Individual preferences and the demand for military expenditure

David Throsby, Glenn A. Withers*

*Corresponding author for this work

Research output: Contribution to journalArticlepeer-review

6 Citations (Scopus)


Whose preferences determine the tradeoff between security and civilian output in deciding upon budget allocations to defence? This paper considers the role that consumer preferences might play in influencing military spending. We propose normative criteria to judge the economic or political efficiency of defence provision at a given time, and test them using Australian survey-based micro-data. Our results suggest that the political system has not delivered a simple social-choice translation of individual preferences into collective outcomes, nor has it delivered results consistent with simple majority-voting median preferences.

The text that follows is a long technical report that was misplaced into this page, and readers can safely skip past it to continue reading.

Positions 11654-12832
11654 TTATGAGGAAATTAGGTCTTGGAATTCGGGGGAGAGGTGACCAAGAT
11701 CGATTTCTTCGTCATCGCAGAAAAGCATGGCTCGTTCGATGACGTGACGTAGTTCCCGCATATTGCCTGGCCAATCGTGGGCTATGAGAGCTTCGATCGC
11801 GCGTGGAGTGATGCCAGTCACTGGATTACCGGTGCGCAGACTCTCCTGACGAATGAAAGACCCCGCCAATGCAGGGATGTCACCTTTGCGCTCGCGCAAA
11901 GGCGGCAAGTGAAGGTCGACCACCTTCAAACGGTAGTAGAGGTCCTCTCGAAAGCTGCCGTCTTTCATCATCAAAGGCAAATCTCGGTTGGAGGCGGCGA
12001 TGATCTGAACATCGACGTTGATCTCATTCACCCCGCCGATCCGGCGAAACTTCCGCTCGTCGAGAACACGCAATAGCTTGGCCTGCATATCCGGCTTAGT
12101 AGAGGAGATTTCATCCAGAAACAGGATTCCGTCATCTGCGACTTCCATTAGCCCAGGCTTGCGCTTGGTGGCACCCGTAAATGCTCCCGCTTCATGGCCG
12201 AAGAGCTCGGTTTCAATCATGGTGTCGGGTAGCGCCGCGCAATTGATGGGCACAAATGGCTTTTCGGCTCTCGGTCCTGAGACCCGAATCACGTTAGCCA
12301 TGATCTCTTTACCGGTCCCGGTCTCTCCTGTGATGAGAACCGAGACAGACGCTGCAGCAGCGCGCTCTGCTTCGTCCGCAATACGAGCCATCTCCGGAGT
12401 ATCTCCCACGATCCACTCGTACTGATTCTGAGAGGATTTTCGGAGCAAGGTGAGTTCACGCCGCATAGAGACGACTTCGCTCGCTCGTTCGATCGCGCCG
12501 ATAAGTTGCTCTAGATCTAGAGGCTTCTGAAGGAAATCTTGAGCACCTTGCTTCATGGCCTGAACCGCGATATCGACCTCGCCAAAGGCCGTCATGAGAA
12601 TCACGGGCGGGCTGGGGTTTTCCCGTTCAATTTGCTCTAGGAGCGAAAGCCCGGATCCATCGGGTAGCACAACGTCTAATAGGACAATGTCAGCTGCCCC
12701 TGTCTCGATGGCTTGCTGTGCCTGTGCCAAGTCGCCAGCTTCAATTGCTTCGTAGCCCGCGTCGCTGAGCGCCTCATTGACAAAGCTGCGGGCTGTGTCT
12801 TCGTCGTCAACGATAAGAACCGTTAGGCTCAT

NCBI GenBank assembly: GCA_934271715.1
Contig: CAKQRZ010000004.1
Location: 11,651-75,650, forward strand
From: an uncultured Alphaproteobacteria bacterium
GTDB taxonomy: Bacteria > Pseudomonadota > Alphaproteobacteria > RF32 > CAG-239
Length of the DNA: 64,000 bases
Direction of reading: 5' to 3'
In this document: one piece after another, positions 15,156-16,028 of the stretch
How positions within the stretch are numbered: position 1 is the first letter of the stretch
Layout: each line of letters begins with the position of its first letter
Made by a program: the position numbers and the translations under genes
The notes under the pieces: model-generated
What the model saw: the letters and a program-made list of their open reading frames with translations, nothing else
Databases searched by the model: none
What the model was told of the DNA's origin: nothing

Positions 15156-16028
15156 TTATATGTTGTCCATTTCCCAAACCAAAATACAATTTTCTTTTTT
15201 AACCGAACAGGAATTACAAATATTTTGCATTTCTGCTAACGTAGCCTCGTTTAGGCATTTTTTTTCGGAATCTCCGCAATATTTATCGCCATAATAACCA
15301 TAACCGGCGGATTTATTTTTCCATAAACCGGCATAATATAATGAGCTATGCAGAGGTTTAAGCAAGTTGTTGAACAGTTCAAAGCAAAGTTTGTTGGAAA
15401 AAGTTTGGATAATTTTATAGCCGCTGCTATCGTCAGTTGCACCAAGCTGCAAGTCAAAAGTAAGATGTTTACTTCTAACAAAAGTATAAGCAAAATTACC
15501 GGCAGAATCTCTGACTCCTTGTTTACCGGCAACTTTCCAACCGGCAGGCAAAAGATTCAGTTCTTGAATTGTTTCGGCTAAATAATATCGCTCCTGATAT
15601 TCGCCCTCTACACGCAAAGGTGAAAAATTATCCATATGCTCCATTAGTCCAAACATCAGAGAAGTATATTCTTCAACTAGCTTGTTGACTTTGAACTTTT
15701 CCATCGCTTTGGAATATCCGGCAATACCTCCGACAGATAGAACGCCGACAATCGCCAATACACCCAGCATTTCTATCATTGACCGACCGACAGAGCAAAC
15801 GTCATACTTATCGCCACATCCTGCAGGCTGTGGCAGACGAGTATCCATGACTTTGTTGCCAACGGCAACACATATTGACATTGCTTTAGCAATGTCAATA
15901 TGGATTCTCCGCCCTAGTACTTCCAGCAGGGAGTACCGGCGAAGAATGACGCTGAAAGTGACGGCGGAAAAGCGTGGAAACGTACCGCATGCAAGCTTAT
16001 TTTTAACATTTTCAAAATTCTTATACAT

Original languageEnglish
Pages (from-to)87-102
Number of pages16
JournalDefence and Peace Economics
Issue number2
Publication statusPublished - 2001


  • Contingent valuation
  • Demand for defence
  • Military spending
  • Social choice


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